Garden Seeds Arrived

garden seed identificationInto Garden Mode

This morning I had a rather fun chore of preparing garden seeds for planting this spring. Our order of seeds arrived in the mail from Seeds ‘n Such and I noticed that the envelopes did not have any pictures on them.  Arrrgh!

When it comes time to plant in the garden the words don’t really help me remember which-seeds-are-what. The names don’t always describe the plant. Collage, glueing and scrap-booking fun was in order! There is real truth behind the old saying, “A picture is worth a thousand words!”

garden seed 2Last fall I saved what seeds I could, drying them and putting them in plain brown and white little envelopes. See the tomato and spaghetti squash envelopes in this picture. Notice that these saved seeds were also “picture-less”.

garden seed 3Since I still had the catalog that I ordered the seeds from, I was able to look through and cut-out pictures for almost all of our seeds.

garden seed 4After glueing them onto the envelopes we have a much cooler set of identifiable seeds for this spring’s planting.

Ready to Plant

fence Gates 10
drive in gate

Gardening is a large part of our lives here in Inland Northwest. Here is a view of the garden after Pete disc’d it with the tractor last spring. It was ready to plant the next day. As soon as ski season is over, we are looking forward to working in our garden this summer again.

Baby asparagus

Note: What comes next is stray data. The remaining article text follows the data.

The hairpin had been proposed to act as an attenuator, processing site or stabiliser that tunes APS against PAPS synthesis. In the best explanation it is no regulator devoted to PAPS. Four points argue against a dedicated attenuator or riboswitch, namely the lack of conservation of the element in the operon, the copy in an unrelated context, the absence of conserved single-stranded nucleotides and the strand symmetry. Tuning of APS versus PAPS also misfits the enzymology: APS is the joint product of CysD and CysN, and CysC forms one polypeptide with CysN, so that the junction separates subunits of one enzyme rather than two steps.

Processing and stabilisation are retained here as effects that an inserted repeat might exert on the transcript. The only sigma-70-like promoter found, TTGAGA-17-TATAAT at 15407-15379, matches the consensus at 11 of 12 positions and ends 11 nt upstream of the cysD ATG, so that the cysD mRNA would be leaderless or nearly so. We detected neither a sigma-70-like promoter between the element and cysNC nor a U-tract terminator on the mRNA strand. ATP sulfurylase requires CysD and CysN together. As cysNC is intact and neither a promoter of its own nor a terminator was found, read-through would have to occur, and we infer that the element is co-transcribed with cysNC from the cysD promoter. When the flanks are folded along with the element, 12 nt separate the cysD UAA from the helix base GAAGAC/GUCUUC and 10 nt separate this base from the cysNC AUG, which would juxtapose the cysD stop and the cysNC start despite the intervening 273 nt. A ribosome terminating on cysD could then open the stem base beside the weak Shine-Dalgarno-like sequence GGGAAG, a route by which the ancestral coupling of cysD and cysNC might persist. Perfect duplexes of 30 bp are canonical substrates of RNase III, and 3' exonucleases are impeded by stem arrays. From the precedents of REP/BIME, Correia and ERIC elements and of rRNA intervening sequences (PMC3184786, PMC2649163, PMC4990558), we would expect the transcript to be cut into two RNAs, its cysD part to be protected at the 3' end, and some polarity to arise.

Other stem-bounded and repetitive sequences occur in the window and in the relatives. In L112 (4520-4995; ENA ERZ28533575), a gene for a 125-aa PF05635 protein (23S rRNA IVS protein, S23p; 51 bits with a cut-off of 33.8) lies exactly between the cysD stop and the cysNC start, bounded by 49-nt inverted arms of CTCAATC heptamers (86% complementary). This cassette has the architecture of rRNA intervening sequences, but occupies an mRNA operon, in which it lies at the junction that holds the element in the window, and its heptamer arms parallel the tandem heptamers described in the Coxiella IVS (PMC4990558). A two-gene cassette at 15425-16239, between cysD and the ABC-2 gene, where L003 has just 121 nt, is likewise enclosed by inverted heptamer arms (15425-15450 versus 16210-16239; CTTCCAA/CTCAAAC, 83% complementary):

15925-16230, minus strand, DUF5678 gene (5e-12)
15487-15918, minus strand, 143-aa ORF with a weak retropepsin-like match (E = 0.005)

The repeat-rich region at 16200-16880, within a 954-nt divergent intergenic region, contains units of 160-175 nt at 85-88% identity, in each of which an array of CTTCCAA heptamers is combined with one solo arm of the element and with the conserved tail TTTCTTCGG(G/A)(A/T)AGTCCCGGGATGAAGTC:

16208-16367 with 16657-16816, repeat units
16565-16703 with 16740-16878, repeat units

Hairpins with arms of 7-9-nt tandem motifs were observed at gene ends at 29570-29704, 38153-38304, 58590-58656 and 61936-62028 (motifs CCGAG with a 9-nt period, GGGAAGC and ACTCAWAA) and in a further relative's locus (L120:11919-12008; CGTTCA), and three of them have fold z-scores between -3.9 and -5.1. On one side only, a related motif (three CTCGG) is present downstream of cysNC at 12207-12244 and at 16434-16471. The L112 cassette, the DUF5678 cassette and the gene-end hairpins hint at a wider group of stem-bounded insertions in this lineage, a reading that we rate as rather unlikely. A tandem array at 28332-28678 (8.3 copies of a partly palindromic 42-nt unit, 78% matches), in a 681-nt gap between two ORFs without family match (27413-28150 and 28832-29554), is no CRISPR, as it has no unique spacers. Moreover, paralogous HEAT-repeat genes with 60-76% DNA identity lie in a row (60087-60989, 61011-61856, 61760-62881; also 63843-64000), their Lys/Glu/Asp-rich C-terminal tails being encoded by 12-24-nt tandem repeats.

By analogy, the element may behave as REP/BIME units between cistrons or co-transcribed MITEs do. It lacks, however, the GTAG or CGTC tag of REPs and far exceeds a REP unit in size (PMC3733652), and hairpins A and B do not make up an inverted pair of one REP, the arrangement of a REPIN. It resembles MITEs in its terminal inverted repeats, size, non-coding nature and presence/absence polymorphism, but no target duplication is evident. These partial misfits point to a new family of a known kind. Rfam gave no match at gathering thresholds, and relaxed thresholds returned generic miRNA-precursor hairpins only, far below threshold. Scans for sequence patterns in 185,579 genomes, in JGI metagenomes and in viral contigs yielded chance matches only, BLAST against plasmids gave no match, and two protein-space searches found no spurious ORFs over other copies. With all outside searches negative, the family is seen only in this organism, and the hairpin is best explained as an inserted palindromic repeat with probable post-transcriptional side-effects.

What does young asparagus look like?

Identifying who are not the weeds.

Never having grown this before, I had a hard time trying to figure out which were the weeds and which were little baby asparagus sprouts. I know I pulled out many of them before I figured out they do not look like the spears that we steam and put on our dinner plates.

From the pictures you can see how different they are from what is harvested. They have a skinny little stem with fernlike leaves, almost looks like a carrot top at first. They grow taller kind of fast, almost making a hedge as they branch out with more feathery leaves.

  

At the roots more spears appear peeping their heads out of the soil. The rules are to let the shoots smaller than a pencil go on up and make seeds, if you take a look you can see the seed pods beginning to be formed as small green orbs about the size of a sewing pin head. They proceed to turn black before they fall off onto the soil below. If you squish them in you hand they crack open and have many many tiny seeds inside.

We harvest the fatter spears that are between 6-9 inches tall. Simply using a sharp knife I cut them off right at the ground and drop them into the basket. Homegrown steamed asparagus is very tender and sweet at the table. It is well worth the effort to grow.